y using the available cover was clearly one-sided. To stand still when attacking was obviously in contradiction to all Prussian military principles and was not intended by Hohenlohe. Why then was this attack not continued? The Prince's adjutant, Major von der Marwitz, reported:
Situation at 10am.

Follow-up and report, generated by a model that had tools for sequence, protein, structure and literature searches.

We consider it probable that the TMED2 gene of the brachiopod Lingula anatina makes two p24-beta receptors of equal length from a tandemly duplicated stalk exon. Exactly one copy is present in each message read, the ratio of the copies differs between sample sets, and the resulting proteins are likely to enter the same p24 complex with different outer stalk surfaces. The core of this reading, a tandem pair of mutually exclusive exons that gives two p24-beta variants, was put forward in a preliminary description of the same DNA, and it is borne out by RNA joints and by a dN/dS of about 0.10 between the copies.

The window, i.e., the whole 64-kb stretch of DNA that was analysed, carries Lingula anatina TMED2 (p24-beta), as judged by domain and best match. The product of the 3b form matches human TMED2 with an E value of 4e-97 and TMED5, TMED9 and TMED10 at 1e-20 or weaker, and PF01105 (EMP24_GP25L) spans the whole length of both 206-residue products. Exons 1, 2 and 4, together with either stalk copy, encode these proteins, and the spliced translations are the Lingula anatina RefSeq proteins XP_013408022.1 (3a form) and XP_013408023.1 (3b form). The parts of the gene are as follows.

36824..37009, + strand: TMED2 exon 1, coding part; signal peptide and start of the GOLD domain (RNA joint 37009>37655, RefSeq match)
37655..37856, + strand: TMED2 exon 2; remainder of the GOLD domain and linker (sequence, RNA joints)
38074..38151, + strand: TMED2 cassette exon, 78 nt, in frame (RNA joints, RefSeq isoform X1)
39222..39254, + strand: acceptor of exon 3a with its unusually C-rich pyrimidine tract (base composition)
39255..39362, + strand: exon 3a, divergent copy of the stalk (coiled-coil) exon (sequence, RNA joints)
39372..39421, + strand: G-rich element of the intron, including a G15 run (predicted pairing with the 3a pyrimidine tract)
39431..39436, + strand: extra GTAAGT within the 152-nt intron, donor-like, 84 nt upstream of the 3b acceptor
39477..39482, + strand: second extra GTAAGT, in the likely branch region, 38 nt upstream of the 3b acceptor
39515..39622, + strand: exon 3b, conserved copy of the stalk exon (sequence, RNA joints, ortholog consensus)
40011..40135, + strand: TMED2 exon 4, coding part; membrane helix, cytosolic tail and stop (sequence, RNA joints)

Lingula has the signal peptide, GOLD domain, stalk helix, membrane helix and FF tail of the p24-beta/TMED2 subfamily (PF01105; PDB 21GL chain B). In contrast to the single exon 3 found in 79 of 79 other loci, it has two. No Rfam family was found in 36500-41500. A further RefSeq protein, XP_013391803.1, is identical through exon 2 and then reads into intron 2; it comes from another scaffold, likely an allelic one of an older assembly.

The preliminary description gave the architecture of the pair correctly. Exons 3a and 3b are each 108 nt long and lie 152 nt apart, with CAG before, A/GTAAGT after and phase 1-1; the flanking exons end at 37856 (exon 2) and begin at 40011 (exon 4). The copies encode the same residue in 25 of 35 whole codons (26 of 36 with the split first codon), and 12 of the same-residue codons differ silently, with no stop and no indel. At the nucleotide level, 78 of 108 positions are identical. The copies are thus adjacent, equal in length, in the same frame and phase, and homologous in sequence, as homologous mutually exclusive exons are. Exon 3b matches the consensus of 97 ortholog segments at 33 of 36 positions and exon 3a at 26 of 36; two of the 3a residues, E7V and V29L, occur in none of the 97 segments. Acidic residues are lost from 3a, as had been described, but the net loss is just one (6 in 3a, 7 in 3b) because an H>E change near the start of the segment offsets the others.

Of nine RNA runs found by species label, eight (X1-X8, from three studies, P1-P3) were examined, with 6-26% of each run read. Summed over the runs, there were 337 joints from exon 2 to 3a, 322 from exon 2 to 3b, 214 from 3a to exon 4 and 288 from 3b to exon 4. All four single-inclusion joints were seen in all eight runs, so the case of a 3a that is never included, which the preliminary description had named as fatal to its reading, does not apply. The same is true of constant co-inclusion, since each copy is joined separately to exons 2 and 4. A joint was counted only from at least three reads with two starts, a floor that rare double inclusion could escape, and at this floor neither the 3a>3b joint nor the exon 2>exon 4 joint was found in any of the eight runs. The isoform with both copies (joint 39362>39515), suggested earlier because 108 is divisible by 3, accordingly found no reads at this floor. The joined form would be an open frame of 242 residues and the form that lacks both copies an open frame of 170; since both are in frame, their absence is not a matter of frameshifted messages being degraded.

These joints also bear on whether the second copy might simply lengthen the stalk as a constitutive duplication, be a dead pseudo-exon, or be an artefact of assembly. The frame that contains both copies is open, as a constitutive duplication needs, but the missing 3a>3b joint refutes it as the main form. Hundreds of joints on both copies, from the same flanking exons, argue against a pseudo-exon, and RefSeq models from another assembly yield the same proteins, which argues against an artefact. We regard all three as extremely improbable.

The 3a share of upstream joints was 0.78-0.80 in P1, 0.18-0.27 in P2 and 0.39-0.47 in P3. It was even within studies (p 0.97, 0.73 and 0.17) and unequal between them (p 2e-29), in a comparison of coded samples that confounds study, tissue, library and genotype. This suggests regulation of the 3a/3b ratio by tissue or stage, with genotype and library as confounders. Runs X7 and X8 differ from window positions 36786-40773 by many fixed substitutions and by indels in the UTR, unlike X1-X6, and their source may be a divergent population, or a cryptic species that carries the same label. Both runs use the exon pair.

'No enemy were to be seen other than those right in front of us in Vierzehnheiligen and behind this village. So the Prince decided, seeing this as the very last effort needed, to send in a couple of battalions and have them take it with the bayonet when General Grawert rode up to him and congratulated him on winning the battle. The Prince declined the congratulations and told General Grawert of his decision to storm the village now. The latter requested that this should be delayed. He pointed at our half-ruined battalions which had been standing under continuous fire for two hours, at the single line with no reserve, for Tauentzien's and Dyherrn's beaten troops could not be counted, with so many gaps that they could hardly be called a formation, and concluded with the remark: "In this position we can and must halt until General Ruechel arrives with his corps and then we can complete the victory by taking the village. But if one or two attacks are beaten off now, then there would be a hole in the line which we could not fill and which the enemy could used to deprive us of victory". (These quotes are taken from von der Marwitz's report as published in "1806- Das Preussische Offizierkorps und die Untersuchung der Kriegsereingnisse" Berlin 1906) The Prince accepted this suggestion as the officer he had sent to General von Ruechel had just returned with the answer that this corps was marching via Kapellendorf to the battlefield which was not more than 12km, so he could not be far. He was also counting on the arrival of General von Holtzendorff as he had been sent an order to rejoin the main body and his direction of march would lead him to the flank and rear of the French position behind Vierzehnheiligen. Obviously Hohenlohe did not know that Holtzendorff was marching off in the opposite direction. Vierzehnheiligen was set alight by the Prussian bombardment. Lannes attempted to throw back Grawert's left flank with two regiments of Gazan's Division but was repelled by the Saxon Kochtitzky Cuirassiers and several squadrons of chevauxlegers. Dejardin's Division pushed forward on Lannes' left, moving between Vierzehnheiligen and Isserstedt, so Grawert extended his right flank by moving up Cerrini's Saxon Brigade against Isserstedt where Fusilier Battalions Erichsen and Rosen along with Jaeger Companies Werner and Valentini could not hold out much longer as they had almost run out of ammunition. Dyherrn's Brigade formed up behind them.